Start-ups on alert as Westfield launches online shopping

By Michelle Hammond
Tuesday, 16 November 2010

Westfield Group is the second major Australian retailer to launch an online shopping platform, following David Jones’ move into eCommerce earlier this month.



It is Westfield’s second attempt at launching a “virtual mall” after backing out of a proposal about a decade ago.


According to Westfield, a number a retailers have already signed up including clothing lines Farage and Glue, makeup brand Napoleon Perdis, Peep Toe Shoes and JB Hi-Fi.


The success of the group’s online shopping website will determine how successful it is in signing up more retailers.


Colin McLeod, executive director at the Australian Centre for Retail Studies, says he’s not surprised by the retail giants’ online ambitions.


“The number of retailers who plan to go online virtually doubled in the last 12 months. I can’t imagine that there’s a major retailer who’s not thinking about their online strategy,” McLeod says.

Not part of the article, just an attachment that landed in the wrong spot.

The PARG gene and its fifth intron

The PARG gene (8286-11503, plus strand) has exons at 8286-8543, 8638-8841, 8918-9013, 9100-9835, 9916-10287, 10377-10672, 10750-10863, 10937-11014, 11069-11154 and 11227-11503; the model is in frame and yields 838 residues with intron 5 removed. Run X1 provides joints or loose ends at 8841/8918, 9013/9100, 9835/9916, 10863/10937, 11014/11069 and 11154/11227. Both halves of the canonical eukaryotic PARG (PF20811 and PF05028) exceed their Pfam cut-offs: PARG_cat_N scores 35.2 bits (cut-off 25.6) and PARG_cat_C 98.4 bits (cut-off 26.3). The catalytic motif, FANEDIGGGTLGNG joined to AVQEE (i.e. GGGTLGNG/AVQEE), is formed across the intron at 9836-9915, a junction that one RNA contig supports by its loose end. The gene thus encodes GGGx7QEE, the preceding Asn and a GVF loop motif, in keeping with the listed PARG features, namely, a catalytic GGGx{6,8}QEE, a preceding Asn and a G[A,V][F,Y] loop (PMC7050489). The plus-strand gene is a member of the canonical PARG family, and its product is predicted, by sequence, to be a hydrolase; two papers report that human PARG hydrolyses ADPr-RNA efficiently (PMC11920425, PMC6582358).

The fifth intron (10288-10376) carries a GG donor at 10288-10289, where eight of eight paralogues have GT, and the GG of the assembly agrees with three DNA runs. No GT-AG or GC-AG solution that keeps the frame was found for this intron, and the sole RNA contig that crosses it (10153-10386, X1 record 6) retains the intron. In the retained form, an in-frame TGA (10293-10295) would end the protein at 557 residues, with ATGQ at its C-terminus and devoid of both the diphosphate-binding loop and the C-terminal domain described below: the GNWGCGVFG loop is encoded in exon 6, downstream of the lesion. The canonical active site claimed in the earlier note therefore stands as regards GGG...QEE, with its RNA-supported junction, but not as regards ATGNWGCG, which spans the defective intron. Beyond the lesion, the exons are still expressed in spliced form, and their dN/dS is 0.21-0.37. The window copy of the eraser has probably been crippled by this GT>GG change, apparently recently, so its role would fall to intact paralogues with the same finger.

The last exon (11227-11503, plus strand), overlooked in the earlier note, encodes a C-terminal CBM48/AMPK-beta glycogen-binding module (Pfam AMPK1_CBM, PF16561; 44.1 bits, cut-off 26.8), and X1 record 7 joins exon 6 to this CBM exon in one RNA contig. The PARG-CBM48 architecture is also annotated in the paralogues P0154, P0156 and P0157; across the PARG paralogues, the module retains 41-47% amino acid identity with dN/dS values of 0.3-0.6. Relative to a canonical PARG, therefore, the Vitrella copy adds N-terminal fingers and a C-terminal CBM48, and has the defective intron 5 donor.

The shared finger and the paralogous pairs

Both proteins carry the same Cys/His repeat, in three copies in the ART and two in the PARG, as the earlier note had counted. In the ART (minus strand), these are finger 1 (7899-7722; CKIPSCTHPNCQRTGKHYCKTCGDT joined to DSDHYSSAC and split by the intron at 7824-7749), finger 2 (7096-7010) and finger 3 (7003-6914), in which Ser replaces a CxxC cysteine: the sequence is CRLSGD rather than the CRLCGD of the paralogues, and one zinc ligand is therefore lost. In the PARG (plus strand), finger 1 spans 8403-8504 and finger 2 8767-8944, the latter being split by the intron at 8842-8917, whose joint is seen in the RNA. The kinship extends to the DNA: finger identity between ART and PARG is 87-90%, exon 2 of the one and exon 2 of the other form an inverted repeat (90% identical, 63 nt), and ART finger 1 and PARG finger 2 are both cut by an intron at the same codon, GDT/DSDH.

“The challenge for smaller retailers [already] online is going to be pretty simple: how do I engage with my customers?”


“How do I move from just operating a space where people buy and sell products to actually making it interesting, relevant and engaging?”


“We know that people are going to use social media to get other opinions. That’s what we see customers wanting when they go online.”


McLeod says bricks-and-mortar retailers will be hardest hit as they are increasingly treated like “electronic brochures”.


“You’ve been to the store, you’ve tried the product and you know you like it. But next time you buy it, you may actually want the convenience of being able to go online and get it,” he says.


“We see that in lots of categories – things like cosmetics, perfumes, skincare and even optometry products.”


According to McLeod, traditional retailers should focus on the layout of their store and the customer’s experience in addition to the products.


“There’s a lot of research at the moment being done around what’s called haptic research, which is the importance of touch,” he says.


“This idea of touching things in the store is highly valued by consumers. Touch is probably the most informative of the senses because it tells you lots of different things.”

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